This is a blog post about understanding linear maps and a special number associated to them called the determinant. A linear map f from R^{n} (n-dimensional Euclidian space) to R^{m} (m-dimensional Euclidian space) is any map which satisfies the following properties:

We are sometimes taught to think of a linear map as a function defined using coordinates. For example, here is one linear map:

Or we are taught to think of a linear map as a matrix. Here is the matrix that corresponds to the linear map above:

A corresponds to f because for any vector v in R^{2} we have:

Another important way of understanding linear maps, which I want to introduce in this blog post, is through pictures. Here is a picture that helps us understand the map f above.

Figure 1. Grid drawn at scale 1.

If we call the set of points inside the square on the left, S, and we call the set of points inside the parallelogram on the right, R, then the image of S under the map f is R. In other words:

The picture also shows us how the axes of S, which are drawn in different colors, are mapped under S to the axes of R. For instance, the purple vector on the left is 0,1 and it gets mapped to the purple vector on the right, which is 1,1.

In higher dimensions, we can no longer draw pictures and we’ll need to rely on the coordinate or matrix representations of linear maps, but we can still get a lot of intuition from looking at these kinds of pictures in 2 and 3 dimensions.

## Now let’s introduce the determinant.

The determinant is a number associated to a linear whose range and domain have the same dimension.

Suppose f is any linear map from R^{n }to R^{n}. The determinant of f is a real number, which we denote by det (f) , and is defined by the following equation:

where Ω is any region in R^{n} of positive volume, and vol(Ω) stands for the n-dimensional volume of Ω.

It should be surprising that there is one number that makes this equation true no matter which region we choose!

For the interested reader, we’ll explain why this is so in the appendix, but for now let’s just take this fact for granted.

**An example:**

Let’s try this definition out on our previous example. Choose Ω to be our square S from Figure 1. The domain and range are 2-dimensional, so n=2 and vol(S) is just the area of S which is 4.

We can find the area of f(S), which we saw is R, by adding up the areas of the different colored triangles in Figure 2.

*vol(purple triangle) = vol(green triangle) = 6*

*vol(red triangle) = vol(orange triangle) = 2*

Adding all these up, we get vol(R) = 16, and so: vol(f(S)) = 4vol(S)

Finally, from our definition of the determinant we see that f = 4.

## A surprising property of determinants...

In this section, we’ll discuss a surprising property of determinants. Suppose we have another linear map g. We let g º f stand for the composition of g and f. In other words,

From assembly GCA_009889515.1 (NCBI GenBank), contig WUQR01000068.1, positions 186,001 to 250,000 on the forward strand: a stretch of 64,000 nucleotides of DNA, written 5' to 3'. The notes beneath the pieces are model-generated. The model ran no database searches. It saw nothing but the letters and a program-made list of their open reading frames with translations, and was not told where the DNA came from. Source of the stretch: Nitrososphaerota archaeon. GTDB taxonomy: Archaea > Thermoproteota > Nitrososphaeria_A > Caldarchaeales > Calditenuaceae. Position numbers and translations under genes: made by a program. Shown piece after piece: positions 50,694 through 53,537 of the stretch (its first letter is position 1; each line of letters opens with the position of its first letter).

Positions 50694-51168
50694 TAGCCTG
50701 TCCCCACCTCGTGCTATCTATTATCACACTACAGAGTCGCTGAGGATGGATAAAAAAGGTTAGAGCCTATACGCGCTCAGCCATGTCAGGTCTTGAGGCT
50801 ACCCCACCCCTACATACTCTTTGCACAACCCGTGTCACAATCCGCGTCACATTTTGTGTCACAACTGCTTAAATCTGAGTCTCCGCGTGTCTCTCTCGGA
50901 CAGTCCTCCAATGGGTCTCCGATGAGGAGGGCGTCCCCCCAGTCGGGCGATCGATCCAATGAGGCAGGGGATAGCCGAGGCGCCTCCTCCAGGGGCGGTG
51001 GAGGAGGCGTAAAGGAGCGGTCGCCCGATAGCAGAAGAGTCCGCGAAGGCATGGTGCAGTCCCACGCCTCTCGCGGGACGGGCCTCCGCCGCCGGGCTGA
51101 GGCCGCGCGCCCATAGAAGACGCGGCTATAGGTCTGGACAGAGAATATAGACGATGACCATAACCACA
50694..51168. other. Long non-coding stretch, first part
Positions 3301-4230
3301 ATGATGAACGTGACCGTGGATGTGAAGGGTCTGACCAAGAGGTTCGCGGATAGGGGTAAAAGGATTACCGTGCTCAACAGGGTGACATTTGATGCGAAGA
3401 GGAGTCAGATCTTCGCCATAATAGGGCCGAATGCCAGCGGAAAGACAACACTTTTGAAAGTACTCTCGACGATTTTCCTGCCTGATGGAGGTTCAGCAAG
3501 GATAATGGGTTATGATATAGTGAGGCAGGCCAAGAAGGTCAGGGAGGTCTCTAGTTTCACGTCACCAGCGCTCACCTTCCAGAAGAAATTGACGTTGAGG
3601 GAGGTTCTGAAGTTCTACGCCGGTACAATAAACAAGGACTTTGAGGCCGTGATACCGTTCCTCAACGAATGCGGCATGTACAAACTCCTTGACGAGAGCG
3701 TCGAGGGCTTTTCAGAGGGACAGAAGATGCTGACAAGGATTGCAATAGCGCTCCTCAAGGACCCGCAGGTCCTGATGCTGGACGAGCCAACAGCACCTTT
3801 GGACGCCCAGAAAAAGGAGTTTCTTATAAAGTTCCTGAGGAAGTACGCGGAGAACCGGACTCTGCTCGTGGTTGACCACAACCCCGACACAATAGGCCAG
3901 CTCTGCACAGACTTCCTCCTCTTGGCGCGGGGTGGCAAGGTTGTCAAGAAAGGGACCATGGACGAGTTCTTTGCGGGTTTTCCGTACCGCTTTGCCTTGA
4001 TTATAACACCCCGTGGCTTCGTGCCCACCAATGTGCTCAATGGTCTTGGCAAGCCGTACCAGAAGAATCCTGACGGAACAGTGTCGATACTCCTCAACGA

What can we say about det(g º f)? From our definition of the determinant we have,

But since we are free to choose f(Ω) as the region in our definition for the determinant of g, we get that:

Putting the two together we find,

If g corresponds to a matrix B and f corresponds to a matrix A, this equation becomes

So, when we compose matrices, the determinants just multiply!

**A formula for the determinant of a 2x2 matrix**

A formula we often learn first in a lecture about determinants is

Let’s see how we might derive this from the definition we have.

The matrix above corresponds to the map:

Here is a picture for how the map f transforms the region Ω = square at the origin with side-length 1.

To find det(f) we need to compute vol(f(Ω)). To do this take a look at the following picture.

vol(f(Ω)) is just the area of the rectangle with sides a+b and c+d, minus the area of all the colored regions in Figure 4. So, we just need to compute the areas of the colored regions.

Putting this together we have,

And we get our formula:

**Appendix**

In this appendix, we discuss the surprising fact mentioned after the definition of the determinant. It’s a more advanced section and we’ll assume some familiarity with the concept of a proof as well as the concept of a limit. In particular, we’ll prove the following.

Theorem: Suppose f is any linear map from R^{2} to R^{2}. Then there is a unique real number called det(f) for which the following equation is true,

whenever Ω is a region in R^{2} of positive volume.

(The statement is true if R^{2} is replaced with R^{n} and the proof is almost exactly the same.)

Notice that we have:

For example, in Figure 5, the region shaded in orange is and the blue line outlines all the copies of the square (1/i)S that cover it. The copies of S can be visualized as the individual cells from the grid in Figure 5.

Now notice that as i goes to infinity, the approximation of our region by the copies of S(i) gets better and better. In particular, as i goes to infinity we see that vol(S(i))N(i) approaches vol(Ω).

From the additivity and scaling property of linear maps we can see that:

And from this it follows that:

Notice that we have shown that this volume doesn’t depend on k. Now see let’s what this says about vol(f(Ω)). As i goes to infinity, our approximation of Ω by copies of (1/i)S gets better and better. So, we get the following limit:

Since all the copies are disjoint we have

Combing this we the above limit we get,

Notice also that, as i goes to infinity, our approximation of f(Ω) by the images of our copies under f, gets better and better. From this we get the following limit

Since all the copies are disjoint we have

Putting everything together we get

Which finishes our proof.

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